For example, Blood Meridian, Cormac McCarthy’s modern classic, is indebted to Moby-Dick in many ways.
One of the book’s characters, Judge Holden, is like something out of a nightmare. He’s the leader of a group of marauders that, in the mid-nineteenth century, is hired to clear a swath of territory and kill the Native Americans who occupy it.
An astute reader might recognize some of Judge Holden’s Ahab-like qualities. But the Judge, a huge, seven-foot-tall man without a hair on his body and as pale and impervious to injury as a slab of marble, would seem to have as much in common with the white whale itself as with the man who hunts it.
Summary Pt 8: As I Lay Dying, The Crying of Lot 49 and Invisible Man offer different versions of the quester for truth.
After Moby-Dick, the protagonists of many great American novels come to embody the American values of self-reliance and determination. Let’s call these protagonists questers for truth.
Darl Bundren is the quester in William Faulkner’s As I Lay Dying. He and his family must complete an unpleasant task: carting the body of their dead mother through fire and flood, literally, to reach the burial spot she designated before dying.
But Darl’s quest is as much mental as it is physical. His mother, abusive during life, seems capable of inflicting cruelties even after death, and Darl must deal with this grim inheritance.
The novel is narrated by other members of the Bundren family, but only Darl comprehends the truth about them. He, like a character out of Chekhov, must face the meaninglessness of life, but instead of finding solace in fleeting moments of beauty, Darl goes mad.
Or consider the protagonist of Thomas Pynchon’s The Crying of Lot 49. A woman who begins spotting clues about a secret organization called Tristero, Oedipa Mass is another sort of quester. She, too, is obsessed with finding the truth – but, in this case, the question is whether Tristero actually exists or is just the elaborate invention of a paranoid mind.
Pynchon, like Cervantes, provides no clear answers. Rather, the reader is left to decide for herself.
And then there’s Invisible Man, Ralph Ellison’s novel about a black man who’s driven underground, and literally into the sewers, by racism.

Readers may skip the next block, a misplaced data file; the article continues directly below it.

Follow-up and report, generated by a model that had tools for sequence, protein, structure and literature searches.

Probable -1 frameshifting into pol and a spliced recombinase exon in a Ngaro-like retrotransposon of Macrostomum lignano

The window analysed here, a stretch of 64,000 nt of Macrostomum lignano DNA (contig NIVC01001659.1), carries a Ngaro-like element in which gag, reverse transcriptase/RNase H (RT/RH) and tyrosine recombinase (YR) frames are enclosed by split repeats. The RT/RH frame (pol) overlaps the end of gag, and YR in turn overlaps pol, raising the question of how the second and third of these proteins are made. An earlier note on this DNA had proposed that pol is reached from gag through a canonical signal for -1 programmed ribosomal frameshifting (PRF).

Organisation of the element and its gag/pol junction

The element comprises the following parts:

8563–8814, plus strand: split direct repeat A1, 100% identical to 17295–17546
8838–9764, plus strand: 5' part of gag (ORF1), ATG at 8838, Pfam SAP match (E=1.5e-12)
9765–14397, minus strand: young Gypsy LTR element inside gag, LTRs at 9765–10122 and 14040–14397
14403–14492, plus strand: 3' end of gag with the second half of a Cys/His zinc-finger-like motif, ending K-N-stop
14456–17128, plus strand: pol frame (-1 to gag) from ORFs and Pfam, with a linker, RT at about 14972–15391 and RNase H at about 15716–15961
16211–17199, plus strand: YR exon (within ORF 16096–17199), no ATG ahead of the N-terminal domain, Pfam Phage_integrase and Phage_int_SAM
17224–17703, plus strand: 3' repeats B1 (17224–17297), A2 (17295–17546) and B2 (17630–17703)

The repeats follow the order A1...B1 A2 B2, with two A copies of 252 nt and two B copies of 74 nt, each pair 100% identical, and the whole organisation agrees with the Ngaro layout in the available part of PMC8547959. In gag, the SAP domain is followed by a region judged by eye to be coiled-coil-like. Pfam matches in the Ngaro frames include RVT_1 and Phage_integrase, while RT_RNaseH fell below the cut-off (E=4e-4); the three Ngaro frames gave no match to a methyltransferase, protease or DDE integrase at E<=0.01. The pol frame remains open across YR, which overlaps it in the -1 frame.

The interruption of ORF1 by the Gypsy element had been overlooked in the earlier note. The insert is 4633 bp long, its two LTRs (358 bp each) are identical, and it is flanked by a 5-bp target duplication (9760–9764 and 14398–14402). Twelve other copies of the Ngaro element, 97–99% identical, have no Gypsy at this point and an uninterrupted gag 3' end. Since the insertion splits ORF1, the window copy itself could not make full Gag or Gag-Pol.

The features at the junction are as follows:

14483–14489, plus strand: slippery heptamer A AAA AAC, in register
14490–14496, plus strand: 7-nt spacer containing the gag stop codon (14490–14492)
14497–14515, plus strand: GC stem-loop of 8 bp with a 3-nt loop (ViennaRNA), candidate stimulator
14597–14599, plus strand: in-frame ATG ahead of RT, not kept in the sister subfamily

In this book, the quester is seeking a spiritual sort of truth. He must go through trail after agonizing trail and, in the end, the truth he discovers utterly overturns his preconceptions. It’s a complex, ambiguous truth – the kind that exists in a world where a preacher can also be a hustler.
In all of these novels, the truth that the questers encounter is by no means simple. Just like Cervantes, the creator of the form, these novels offer answers that are ambiguous, that complicate as much as they clarify. In short, they offer the only kind of truth commensurate to the truths of lived experience.
In Review: How To Read and Why Book Summary
The key message in this book:
Reading is an endlessly rewarding endeavor. With patience and focused attention, you can unlock the pleasures and insights that the great writers have bequeathed us. Reading well and deeply can expand your consciousness and open your eyes to your own human nature, as well as to the diverse experiences of others.
Read aloud and memorize.
Sometimes great writing will withhold its biggest pleasures and meanings until you read it aloud, either to yourself or to others, especially with poetry and the poetic writing of authors like Shakespeare. Similarly, certain passages can be stubborn until you memorize them, carry them with you and go over them from time to time. Through memorization, you can allow the words to become part of you, which can provide an understanding and connection that would otherwise be impossible.